You are on page 1of 1

Graduate Action Research Project

Emory & Henry College
Christopher Aston Hatcher
Spring 2014
Introduction / Rationale
Introduction / Rationale
 Comprehension and
mastery of history requires
the memorization of
important dates and
information about an event.
 History teachers should
not ignore the responsibility
to require the correct date
and supplementary
information about an event.
 Making instruction more
memorable so that students
retain information better is
key.
 This can be achieved by
including a memorable piece
of information about the
event, something perhaps offcolor or out of the ordinary,
that would stand out from
ordinary instruction.

Research Topic

If given additional background information in
relation to World War II, can students better
recall the dates and/or pertinent numbers of
specific events in the war?
Research Design

Setting
Three 10th grade classes in one school, with a minimum
of 50 total students
o Experimental Groups: Classes A and B
o Control Group: Class C
Procedure
Classes A and B will be given the additional background
information regarding the Battle of Midway during their
World War II unit. Class C will not be given additional
background information. This background information is
information the students would not receive during the
typical instruction of the course. A pre-test will be
administered on the first day of the unit to each class with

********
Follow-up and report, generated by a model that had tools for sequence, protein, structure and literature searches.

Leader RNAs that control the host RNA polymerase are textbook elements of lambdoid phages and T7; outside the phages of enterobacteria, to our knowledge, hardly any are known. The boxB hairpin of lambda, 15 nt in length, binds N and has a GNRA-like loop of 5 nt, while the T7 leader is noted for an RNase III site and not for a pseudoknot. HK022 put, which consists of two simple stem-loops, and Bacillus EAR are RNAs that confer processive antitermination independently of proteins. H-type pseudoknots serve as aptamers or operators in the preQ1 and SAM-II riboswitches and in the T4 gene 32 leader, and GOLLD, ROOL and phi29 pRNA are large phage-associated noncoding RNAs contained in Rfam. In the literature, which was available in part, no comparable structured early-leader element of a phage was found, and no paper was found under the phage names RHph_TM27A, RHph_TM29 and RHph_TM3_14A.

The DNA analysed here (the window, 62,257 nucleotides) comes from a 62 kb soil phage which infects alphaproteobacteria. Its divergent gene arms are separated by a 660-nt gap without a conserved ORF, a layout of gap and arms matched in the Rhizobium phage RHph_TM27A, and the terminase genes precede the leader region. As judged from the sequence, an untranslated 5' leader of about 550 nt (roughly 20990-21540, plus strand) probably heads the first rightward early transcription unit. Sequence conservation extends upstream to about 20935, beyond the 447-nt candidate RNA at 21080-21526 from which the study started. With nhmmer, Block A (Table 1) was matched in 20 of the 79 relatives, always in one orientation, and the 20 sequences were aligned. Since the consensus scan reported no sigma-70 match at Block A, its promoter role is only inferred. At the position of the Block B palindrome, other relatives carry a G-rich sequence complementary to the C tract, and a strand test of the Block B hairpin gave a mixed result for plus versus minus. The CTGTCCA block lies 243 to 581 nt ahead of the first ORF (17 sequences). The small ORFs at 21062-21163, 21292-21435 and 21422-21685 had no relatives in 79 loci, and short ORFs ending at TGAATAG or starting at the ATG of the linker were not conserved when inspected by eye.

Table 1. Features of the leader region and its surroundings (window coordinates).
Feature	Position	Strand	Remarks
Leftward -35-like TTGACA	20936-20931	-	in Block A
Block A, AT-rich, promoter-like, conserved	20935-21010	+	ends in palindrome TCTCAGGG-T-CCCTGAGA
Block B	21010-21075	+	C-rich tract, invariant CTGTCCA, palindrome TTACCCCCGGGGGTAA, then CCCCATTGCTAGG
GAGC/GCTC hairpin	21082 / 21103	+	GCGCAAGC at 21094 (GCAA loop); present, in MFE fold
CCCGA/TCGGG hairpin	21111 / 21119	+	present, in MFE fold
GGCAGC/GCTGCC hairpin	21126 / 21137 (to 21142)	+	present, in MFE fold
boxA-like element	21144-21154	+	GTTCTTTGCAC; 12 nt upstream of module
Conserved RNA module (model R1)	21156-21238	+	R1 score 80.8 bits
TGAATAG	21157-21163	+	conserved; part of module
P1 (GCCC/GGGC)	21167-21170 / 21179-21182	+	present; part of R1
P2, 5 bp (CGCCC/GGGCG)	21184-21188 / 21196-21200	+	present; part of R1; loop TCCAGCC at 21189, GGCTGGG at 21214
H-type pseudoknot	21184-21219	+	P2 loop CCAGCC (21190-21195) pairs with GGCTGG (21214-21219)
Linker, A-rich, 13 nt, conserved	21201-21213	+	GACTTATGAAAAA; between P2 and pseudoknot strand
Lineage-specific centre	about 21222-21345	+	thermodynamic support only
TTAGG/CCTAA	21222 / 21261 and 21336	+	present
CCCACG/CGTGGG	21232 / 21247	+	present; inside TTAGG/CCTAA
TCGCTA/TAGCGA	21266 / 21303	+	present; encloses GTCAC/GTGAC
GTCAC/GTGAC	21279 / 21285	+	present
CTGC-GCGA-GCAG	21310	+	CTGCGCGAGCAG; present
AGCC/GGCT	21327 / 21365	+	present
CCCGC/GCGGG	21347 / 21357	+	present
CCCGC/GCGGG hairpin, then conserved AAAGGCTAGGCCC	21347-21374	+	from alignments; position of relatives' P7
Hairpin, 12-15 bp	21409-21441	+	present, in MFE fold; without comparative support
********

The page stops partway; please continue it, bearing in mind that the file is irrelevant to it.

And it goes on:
three questions about the Battle of Midway. The same
three questions will be administered to each class in a
post-test at the end of the unit and a comparison will be
drawn.

Literature Review
According to Watson P.HD. &
Gable P.HD. (2010), working
memory (WM) is a useful measure
of a student’s capability to acquire
new information. Most students
are able to successfully respond to
classroom instruction that require
them to rely on their WM to
acquire new knowledge or skills.
WM is critical to the acquisition of
increasingly more complex
knowledge and skills.
Not surprisingly, WM is often
linked to successful learning and
student academic achievement.
WM is frequently described as a
‘mental scrapbook’ that allows a
person to store and manipulate
information.
A student’s ability to master the
content of daily instruction largely
depends on his or her ability to
successfully process information
in the WM. This requires students
to move information from shortterm to long-term memory, where
it is stored indefinitely.
According to Kihlstrom (2011),
memory is best when we process
an item deeply, connecting it with
our rich fund of pre-existing
knowledge. We learn best when
we learn progressively, building
new knowledge on old knowledge.